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Hans Fischer

Hans Fischer
BornJuly 27, 1881
Höchst on Main, Germany
DiedMarch 31 1945 (aged 63)
Munich, Germany
Nationality German
InstitutionsUniversity of Innsbruck,
University of Vienna,
Technical University of Munich
Alma materUniversity of Lausanne,
University of Marburg
Academic advisor  Emil Fischer
Notable prizes Nobel Prize for Chemistry (1930)
Hans Fischer (July 27, 1881 – March 31, 1945) was a German organic chemist and the recipient of the 1930 Nobel Prize for Chemistry.


Early life and education

Hans Fischer was born in Höchst on Main. His parents were Dr. Eugen Fischer, Director of the firm of Kalle & Co, Wiesbaden, and Privatdozent at the Technical High School, Stuttgart, and Anna Herdegen. He went to a primary school in Stuttgart, and later to the "Humanistisches Gymnasium" in Wiesbaden, matriculating in 1899. He read chemistry and medicine, first at the University of Lausanne and then at Marburg. He graduated in 1904, and in 1908 he qualified for his M.D.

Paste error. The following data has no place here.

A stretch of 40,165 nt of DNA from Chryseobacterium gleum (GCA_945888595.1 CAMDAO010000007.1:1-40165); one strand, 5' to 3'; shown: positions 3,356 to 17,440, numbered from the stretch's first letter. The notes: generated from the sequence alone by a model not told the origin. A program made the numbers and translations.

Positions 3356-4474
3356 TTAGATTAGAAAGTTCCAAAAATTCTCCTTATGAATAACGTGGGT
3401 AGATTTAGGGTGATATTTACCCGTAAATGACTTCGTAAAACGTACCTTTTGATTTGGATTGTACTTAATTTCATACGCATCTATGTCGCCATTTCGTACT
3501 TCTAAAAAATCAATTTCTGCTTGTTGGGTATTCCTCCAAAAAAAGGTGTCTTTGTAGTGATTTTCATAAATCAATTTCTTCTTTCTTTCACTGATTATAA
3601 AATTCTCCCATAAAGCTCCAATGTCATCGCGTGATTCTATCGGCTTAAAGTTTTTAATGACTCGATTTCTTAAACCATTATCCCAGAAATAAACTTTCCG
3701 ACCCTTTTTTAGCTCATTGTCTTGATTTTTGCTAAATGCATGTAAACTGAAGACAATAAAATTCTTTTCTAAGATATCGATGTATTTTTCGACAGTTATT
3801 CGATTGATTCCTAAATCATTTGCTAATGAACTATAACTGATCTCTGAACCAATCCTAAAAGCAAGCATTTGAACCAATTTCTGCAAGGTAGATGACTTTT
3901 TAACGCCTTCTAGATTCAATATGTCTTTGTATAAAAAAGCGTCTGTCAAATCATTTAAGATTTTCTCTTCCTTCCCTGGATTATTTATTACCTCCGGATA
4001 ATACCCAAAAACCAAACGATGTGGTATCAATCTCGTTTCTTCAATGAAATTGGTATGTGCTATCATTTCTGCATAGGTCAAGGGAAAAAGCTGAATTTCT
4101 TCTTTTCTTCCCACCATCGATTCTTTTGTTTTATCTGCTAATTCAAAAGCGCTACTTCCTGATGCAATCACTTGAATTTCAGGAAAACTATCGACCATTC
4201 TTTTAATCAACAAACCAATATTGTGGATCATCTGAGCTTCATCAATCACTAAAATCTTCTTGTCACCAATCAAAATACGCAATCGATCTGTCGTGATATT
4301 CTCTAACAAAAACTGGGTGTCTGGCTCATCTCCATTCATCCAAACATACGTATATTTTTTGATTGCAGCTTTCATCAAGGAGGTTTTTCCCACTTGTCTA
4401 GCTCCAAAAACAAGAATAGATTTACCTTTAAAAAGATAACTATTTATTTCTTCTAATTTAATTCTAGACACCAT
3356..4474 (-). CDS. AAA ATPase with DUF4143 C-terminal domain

He worked first at a Medical Clinic in Munich and then at the First Berlin Chemical Institute under Emil Fischer. He returned to Munich in 1911 and qualified as lecturer on internal medicine one year later. In 1913 he became a lecturer in physiology at the Physiological Institute in Munich. In 1916 he became Professor of Medical Chemistry at the University of Innsbruck and from there he went to the University of Vienna in 1918.

From 1921 until his death he held the position of Professor of Organic Chemistry at the Technical University of Munich.

Fischer's scientific work was mostly concerned with the investigation of the pigments in blood, bile, and also chlorophyll in leaves, as well as with the chemistry of pyrrole from which these pigments are derived. Of special importance was his synthesis of bilirubin and haemin. He received many honours for this work, and received the Nobel Prize in 1930.

Personal life and death

Fischer married Wiltrud Haufe in 1935. He committed suicide on 31 March 1945 in Munich after his institute and his work were destroyed during the last days of World War II.

See also

  • Other people named Fischer


This article is licensed under the GNU Free Documentation License. It uses material from the Wikipedia article "Hans_Fischer". A list of authors is available in Wikipedia.
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